Bob Murphy asks whether I have changed my mind. I say no, although I have gone from discussing it in the abstract to commenting on the particular policy developments of the day. Let me restate a few of my views:
1. We do have an acceptable means forward and it is called oil at $145 a barrel, combined with restrictions on dirty coal as a substitute and a more favorable regulatory treatment of nuclear power and other energy alternatives. We had one plank of that platform as recently as last year, and while it was painful it was not the end of the world.
2. It is worth debating how to get to higher energy prices but the bigger question is how much we are willing to go there at all. "Cheaper energy" is the one issue that had traction for the Republicans last fall at the polls.
3. Regulatory changes are an essential part of the way forward and that is often underemphasized by environmentalists, who are allergic to the word "deregulation." Yet if we had to build today's energy infrastructure under the 2009 regulatory regime, it would not be possible. NIMBY is a huge obstacle to future progress in this area.
4. I view Waxman-Markey as like a failed dieter pledging to go out and buy lots of diet books. It's easy enough to defend the diet books as a "first step," or a "framework." I would feel better if the book purchases were accompanied by a credible promise — or even a "cheap talk" lie — to lose weight. How many politicians in favor of the bill have stepped forward and promised to deliver higher energy prices?
I predict and fear that Waxman-Markey, if it passes, will deliver a more politicized energy sector without real progress on #1. I know all about the apparently impressive quotas for the out years. I also know how easy it will be for Congress to hand out more permits, perhaps in return for phony yet rent-seeking laden carbon offsets. That's what the political equilibrium looks like.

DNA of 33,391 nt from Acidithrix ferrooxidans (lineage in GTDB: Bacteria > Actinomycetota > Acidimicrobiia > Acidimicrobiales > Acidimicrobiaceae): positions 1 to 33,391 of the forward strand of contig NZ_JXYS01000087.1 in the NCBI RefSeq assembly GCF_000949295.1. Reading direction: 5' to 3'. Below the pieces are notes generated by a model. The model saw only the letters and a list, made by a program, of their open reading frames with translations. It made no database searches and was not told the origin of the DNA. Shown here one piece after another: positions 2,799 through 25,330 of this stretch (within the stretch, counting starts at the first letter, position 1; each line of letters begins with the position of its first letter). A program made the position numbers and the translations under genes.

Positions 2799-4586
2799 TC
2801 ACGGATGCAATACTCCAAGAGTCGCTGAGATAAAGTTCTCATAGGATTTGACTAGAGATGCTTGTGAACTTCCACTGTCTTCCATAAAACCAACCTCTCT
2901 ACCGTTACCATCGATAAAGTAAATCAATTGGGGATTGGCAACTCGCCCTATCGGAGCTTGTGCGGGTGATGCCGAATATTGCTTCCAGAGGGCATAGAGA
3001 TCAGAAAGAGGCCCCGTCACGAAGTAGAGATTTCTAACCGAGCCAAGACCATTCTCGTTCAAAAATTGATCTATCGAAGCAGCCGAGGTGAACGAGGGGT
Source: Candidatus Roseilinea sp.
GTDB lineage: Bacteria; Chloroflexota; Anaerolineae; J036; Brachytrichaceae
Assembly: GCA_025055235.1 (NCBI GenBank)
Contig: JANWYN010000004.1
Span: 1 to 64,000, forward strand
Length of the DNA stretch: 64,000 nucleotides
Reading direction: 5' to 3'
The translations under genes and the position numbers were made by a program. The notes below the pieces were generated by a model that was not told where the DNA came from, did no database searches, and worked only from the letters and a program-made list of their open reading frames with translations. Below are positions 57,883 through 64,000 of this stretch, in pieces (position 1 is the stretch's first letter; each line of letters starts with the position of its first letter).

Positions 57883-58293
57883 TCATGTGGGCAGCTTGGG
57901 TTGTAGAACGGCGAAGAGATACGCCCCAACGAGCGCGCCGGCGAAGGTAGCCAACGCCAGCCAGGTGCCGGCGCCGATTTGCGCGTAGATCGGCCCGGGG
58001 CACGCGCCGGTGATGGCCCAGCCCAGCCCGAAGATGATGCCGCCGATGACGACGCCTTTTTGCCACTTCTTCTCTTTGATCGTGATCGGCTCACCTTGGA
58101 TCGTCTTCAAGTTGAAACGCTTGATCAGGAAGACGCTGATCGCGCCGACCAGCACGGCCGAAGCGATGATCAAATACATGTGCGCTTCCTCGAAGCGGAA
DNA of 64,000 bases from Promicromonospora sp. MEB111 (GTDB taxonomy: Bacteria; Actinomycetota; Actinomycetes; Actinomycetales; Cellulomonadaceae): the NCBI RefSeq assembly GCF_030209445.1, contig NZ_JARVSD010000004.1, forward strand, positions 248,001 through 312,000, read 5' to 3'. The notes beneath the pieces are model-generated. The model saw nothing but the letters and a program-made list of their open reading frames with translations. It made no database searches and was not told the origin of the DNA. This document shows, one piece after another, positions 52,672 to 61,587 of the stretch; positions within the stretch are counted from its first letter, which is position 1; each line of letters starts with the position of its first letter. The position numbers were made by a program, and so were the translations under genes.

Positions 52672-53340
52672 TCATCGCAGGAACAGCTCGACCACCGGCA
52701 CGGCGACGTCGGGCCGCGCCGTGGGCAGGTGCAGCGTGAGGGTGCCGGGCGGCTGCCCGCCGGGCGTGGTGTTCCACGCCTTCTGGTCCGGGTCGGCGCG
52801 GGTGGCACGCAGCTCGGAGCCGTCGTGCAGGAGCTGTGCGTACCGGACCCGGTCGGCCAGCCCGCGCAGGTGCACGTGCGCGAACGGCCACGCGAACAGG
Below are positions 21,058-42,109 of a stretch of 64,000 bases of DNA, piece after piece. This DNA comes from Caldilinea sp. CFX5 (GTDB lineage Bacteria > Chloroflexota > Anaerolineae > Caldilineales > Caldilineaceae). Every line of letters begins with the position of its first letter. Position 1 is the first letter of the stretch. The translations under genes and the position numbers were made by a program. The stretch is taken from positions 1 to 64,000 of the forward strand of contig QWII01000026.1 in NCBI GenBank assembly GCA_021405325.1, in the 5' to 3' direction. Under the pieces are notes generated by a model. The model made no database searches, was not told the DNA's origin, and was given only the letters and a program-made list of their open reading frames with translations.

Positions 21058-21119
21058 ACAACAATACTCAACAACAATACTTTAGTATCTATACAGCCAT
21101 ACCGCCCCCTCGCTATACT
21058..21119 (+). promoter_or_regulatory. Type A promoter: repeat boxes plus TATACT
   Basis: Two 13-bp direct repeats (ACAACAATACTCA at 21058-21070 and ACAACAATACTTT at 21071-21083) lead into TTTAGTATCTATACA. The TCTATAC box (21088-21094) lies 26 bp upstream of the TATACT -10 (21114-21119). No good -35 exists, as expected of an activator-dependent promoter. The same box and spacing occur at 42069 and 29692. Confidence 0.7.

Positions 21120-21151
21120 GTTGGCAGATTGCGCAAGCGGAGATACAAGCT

5. Here is a very good blog post on carbon offsets.
6. It is easy enough for someone to complain: "But he doesn't even favor buying the diet books!" but that is missing the point. The problem with Waxman-Markey is not the mechanics per se but rather how few politicians will emphasize or even admit that it will, in its working versions, significantly raise energy prices.
7. You can argue: "If we buy the diet books today, we will be ready to diet [raise energy prices] in a few years' time." I don't dismiss this argument, but I doubt it and I don't think that enough W-M proponents admit that their case largely rests upon it.
8. Energy prices have been rising with economic recovery. I am waiting for the first person to have the stones to argue that rapid and permanent economic growth is the only way (by raising the price of oil at a disproportionate pace) to limit greenhouse gases. You won't find those stones in my pocket (I don't think the argument succeeds), but sooner or later they will turn up. There is a more modest version of the argument which simply notes that in equilibrium politicians are likely trying to lower rather than to raise the price of fossil fuel-based energy.
9. I'm not going to restate my views on international cooperation but in general the quality of discussion on this issue is low, from both sides. That doesn't augur well. It is easy to see what won't work. It is much harder to see what might work. Very few of us actually expected Mr. Gorbachev to tear down that wall.